Azul vs Oracle

Azul introduces Zulu Embedded, a new OpenJDK-based Java platform to rival Oracle

Natali Vlatko
Punch image via Shutterstock

Azul Systems have thrown down the gauntlet to Oracle’s OpenJDK, serving up a new open sourced Java platform targeting embedded, mobile, and robust, high-function IoT designs.

The folks over at Azul Systems have unveiled a new offering for developers and manufacturers in the embedded, mobile and Internet of Things (IoT) markets: say hello to Zulu Embedded.

Azul are hoping to stand up to Oracle’s Java Development Kit by producing an open sourced, customizable Java SE solution that’s compliant with Java 6, 7, and 8. This new addition to Azul’s portfolio of alternative Java environments is aimed at developers working on code for devices like routers, avionics systems and Point of Sale (POS) systems, which differs from their Zulu and Zulu Enterprise packages.

Touted as a ‘game-changer’

Zulu Embedded has been described by Azul Systems President and CEO Scott Sellers as a ‘game-changer’ for the embedded, mobile and IoT markets, with a design capable of speeding up time to market, reducing required component costs, and increasing developer productivity:

As a 100% open source solution already proven in millions of devices, Zulu Embedded greatly reduces costs associated with traditional Java licensing, making it compelling for a broad set of high volume and industrial embedded products that require a robust, customizable, standards compliant Java runtime.

The big ticket that is likely to be most appealing to developers is that the software itself is completely open source – with the icing on the cake being the costs associated with the jump. Pricing models for Zulu Embedded Support have been noted as flexible, in response to the often high costs associated with ‘traditional’ (read: Oracle’s) Java licensing.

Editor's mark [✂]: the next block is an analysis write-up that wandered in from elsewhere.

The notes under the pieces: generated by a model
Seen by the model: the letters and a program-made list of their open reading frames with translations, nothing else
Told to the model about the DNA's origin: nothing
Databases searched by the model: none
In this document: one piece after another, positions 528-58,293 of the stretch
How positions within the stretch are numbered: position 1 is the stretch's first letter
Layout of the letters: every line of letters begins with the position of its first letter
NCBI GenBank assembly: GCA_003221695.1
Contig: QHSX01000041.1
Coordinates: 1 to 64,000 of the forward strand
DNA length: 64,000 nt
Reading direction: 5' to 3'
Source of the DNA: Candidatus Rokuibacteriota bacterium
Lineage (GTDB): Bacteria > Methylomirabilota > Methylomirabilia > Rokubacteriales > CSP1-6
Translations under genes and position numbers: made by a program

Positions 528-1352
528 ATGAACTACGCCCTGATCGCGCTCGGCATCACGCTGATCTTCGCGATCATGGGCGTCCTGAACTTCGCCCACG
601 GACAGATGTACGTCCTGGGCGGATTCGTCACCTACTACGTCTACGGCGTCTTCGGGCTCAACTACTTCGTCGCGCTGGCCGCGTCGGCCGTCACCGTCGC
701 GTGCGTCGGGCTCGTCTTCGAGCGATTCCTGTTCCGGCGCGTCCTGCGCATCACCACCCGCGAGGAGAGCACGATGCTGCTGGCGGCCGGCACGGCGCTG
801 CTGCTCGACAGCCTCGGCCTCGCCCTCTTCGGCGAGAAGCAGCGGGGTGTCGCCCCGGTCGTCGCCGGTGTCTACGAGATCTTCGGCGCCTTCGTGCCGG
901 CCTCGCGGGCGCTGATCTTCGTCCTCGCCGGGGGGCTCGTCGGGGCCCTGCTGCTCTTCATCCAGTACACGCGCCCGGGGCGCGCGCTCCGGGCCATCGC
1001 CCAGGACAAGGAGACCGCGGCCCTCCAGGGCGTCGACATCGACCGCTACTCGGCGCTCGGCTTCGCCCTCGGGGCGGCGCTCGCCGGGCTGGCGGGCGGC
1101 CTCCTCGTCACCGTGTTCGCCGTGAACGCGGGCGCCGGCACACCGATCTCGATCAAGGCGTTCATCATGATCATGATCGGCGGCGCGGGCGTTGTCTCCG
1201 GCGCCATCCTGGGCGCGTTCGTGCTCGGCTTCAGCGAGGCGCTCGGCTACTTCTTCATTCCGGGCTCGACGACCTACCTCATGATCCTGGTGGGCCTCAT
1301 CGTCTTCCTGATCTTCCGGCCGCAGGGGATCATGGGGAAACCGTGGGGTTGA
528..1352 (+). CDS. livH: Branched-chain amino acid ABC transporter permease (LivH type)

Azul’s offering is also based on the same OpenJDK code that Oracle uses for its own Java stuff, meaning it can deliver “identical performance” to Oracle’s HotSpot JVM. On top of this, each build is verified by Azul using the Java Community Technology Compatibility Kit (TCK).

The team at Azul want to reassure punters that they’re in it for the long haul too, with 10 years worth of support on the table for those wanting to employ the new way of doing embedded. It’s hoped that those IoT developers who have yet to swim in the Java pond will be tempted by a reduced footprint, lower cost and less complex solution.

More information about pricing and customisation is available on the Zulu Embedded website.

Natali Vlatko
An Australian who calls Berlin home, via a two year love affair with Singapore. Natali was an Editorial Assistant for (S&S Media Group).

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